It's this phenomenon that inspired Jon Mooallem to write his new book, Wild Ones: A Sometimes Dismaying, Weirdly Reassuring Story About Looking at People Looking at Animals in America. Mooallem is interested in how people see, and have seen, wild animals. Focusing on three specific endangered species--the Polar bear, the metalmark butterfly, and the whooping crane--the book explores the intricacies and the repercussions of America's relationship with the wild. Mooallem has contributed to New York Times Magazine, This American Life, Harper's, Wired, The New Yorker, and Radiolab.

Jon tells us about North American dire wolves (yes, dire wolves), America's strange relationship with Humphrey the humpback whale, and the philosophical questions that conservation scientists must ask themselves while donning giant bird costumes.

Black Prairie, a Portland-based band featuring members of The Decemberists, recorded a soundtrack for the book called Wild Ones: A Musical Score for the Things That You Might See in Your Head When You Reflect on Certain Characters and Incidents That You Read About in The Book. They will begin touring with Jon Mooallem next week.

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Kurt Braunohler: "How Do I Land?"

Comedian Kurt Braunohler thinks he can make the world a better place through stupidity, absurdity, and fake Hallmark cards.

His new stand-up album, How Do I Land is available now.

The Dissolve Recommends Documentaries: A Band Called Death and Stories We Tell

Staff Writer Nathan Rabin and Senior Editor Tasha Robinson, from The Dissolve, join us to share two documentaries out now on DVD.

Nathan recommends A Band Called Death, a look at the rise, fall, and eventual resurrection of a band of three black brothers from Detroit who played punk music in the early 1970s.

Tasha recommends Stories We Tell, directed by Oscar-nominated writer/director Sarah Polley. Stories We Tell explores the nature of truth, memory, and family secrets, as Polley tries to uncover her own family's history through personal interviews that start seeming more and more like myth than fact.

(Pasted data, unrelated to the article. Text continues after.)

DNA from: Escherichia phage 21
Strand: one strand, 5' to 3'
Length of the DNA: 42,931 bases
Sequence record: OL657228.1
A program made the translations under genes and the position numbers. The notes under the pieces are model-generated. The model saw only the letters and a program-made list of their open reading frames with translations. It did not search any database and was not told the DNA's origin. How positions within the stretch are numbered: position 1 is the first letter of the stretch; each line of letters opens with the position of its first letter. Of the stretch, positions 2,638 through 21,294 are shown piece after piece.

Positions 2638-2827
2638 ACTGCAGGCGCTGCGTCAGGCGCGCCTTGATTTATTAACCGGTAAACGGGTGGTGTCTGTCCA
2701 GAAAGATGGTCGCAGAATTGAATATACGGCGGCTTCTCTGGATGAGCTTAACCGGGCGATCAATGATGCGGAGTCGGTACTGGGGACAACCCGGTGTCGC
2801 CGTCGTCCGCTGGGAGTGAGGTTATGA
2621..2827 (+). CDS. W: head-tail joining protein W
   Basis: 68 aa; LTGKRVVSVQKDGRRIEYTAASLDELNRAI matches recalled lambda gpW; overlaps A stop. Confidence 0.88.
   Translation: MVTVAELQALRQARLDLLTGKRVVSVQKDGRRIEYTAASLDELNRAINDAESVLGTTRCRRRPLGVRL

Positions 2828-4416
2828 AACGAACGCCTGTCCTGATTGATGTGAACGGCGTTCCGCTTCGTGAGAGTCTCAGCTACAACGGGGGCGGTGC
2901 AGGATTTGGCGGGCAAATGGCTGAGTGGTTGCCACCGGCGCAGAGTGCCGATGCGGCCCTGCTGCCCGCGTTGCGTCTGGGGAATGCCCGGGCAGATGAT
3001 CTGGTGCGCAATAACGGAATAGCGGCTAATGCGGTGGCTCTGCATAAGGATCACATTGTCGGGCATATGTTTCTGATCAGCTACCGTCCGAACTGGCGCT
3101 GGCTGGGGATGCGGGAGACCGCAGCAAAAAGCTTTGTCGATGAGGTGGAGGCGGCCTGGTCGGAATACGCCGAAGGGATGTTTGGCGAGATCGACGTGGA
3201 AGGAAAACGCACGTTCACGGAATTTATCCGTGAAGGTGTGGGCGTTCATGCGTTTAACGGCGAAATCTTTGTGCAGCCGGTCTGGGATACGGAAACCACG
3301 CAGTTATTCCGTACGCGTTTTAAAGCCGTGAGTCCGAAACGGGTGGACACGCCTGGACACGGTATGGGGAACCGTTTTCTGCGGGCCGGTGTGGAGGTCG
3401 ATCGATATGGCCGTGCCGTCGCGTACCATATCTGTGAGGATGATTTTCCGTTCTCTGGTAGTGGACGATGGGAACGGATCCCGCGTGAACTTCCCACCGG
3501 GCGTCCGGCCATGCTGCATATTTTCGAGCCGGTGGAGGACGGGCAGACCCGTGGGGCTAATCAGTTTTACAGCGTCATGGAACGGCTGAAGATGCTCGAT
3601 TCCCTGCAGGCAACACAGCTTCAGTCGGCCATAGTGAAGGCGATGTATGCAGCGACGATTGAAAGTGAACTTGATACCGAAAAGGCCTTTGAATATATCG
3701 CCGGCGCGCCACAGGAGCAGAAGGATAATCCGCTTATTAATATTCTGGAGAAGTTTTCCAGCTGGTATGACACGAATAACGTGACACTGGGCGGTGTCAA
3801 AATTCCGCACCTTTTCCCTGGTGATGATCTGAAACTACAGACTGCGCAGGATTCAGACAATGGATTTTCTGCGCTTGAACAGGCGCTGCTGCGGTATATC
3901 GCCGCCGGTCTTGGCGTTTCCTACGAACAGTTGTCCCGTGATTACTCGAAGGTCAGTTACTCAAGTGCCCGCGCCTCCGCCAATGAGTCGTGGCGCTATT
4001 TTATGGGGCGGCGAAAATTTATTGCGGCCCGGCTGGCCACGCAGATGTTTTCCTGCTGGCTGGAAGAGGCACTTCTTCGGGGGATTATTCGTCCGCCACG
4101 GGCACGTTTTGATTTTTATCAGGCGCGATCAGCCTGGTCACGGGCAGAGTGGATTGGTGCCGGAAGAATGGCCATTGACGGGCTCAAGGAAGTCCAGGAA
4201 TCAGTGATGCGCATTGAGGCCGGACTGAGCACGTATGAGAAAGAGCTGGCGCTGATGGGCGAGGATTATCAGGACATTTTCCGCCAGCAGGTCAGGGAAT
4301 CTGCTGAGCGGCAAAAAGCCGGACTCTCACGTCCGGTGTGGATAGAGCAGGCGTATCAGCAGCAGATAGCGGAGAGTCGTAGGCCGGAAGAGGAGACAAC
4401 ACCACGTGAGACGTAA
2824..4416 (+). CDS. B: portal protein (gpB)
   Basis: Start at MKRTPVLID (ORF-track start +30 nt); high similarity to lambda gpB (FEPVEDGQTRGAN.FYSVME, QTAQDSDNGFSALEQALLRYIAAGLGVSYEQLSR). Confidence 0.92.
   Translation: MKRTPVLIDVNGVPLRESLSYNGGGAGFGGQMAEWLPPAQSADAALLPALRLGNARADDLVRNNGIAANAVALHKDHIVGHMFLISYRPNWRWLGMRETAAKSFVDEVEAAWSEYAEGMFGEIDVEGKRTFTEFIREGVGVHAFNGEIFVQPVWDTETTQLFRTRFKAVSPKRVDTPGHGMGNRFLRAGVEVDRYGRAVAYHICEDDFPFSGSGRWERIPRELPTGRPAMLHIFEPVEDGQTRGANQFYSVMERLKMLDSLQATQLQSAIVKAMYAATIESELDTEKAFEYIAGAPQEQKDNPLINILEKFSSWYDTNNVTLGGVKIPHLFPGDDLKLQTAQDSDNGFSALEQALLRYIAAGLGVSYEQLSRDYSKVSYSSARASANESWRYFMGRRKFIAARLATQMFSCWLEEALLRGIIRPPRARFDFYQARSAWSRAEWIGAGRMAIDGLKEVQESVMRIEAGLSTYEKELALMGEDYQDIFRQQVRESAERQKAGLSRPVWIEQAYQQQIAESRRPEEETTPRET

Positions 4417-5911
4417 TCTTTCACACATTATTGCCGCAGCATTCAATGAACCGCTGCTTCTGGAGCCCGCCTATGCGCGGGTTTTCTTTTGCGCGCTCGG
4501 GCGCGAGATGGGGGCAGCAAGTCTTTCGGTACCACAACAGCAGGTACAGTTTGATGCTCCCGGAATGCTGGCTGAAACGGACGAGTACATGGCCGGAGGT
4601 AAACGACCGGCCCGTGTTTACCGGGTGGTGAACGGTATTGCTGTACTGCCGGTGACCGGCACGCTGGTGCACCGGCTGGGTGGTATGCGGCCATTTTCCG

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Remembering Elmore Leonard (1925-2013)

Author Elmore Leonard died last month. To honor the great pulp fiction writer, we are airing an excerpt from our interview with him from 2007.

Leonard had a style, a story schema, and a voice of which he was truly a master. His characters got into trouble, the problems grew larger, and they spoke to each other with honed dialogue that influenced readers, writers, and filmmakers for decades. His novels inspired such films as Get Shorty, Out Of Sight, Jackie Brown, and 3:10 To Yuma.

He talks about his love for Hemingway's style, why his dozens of Western novels were more true to life than the stuff he saw on TV, and how nothing gave him more pleasure than sitting down and getting characters to talk.

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The Outshot: Drunk History

Drunk History on Comedy Central has a pretty simple, crude concept: get comedians roaringly hammered and have them talk about their favorite moment in American history. Jesse explains why this is more beautiful than you'd think.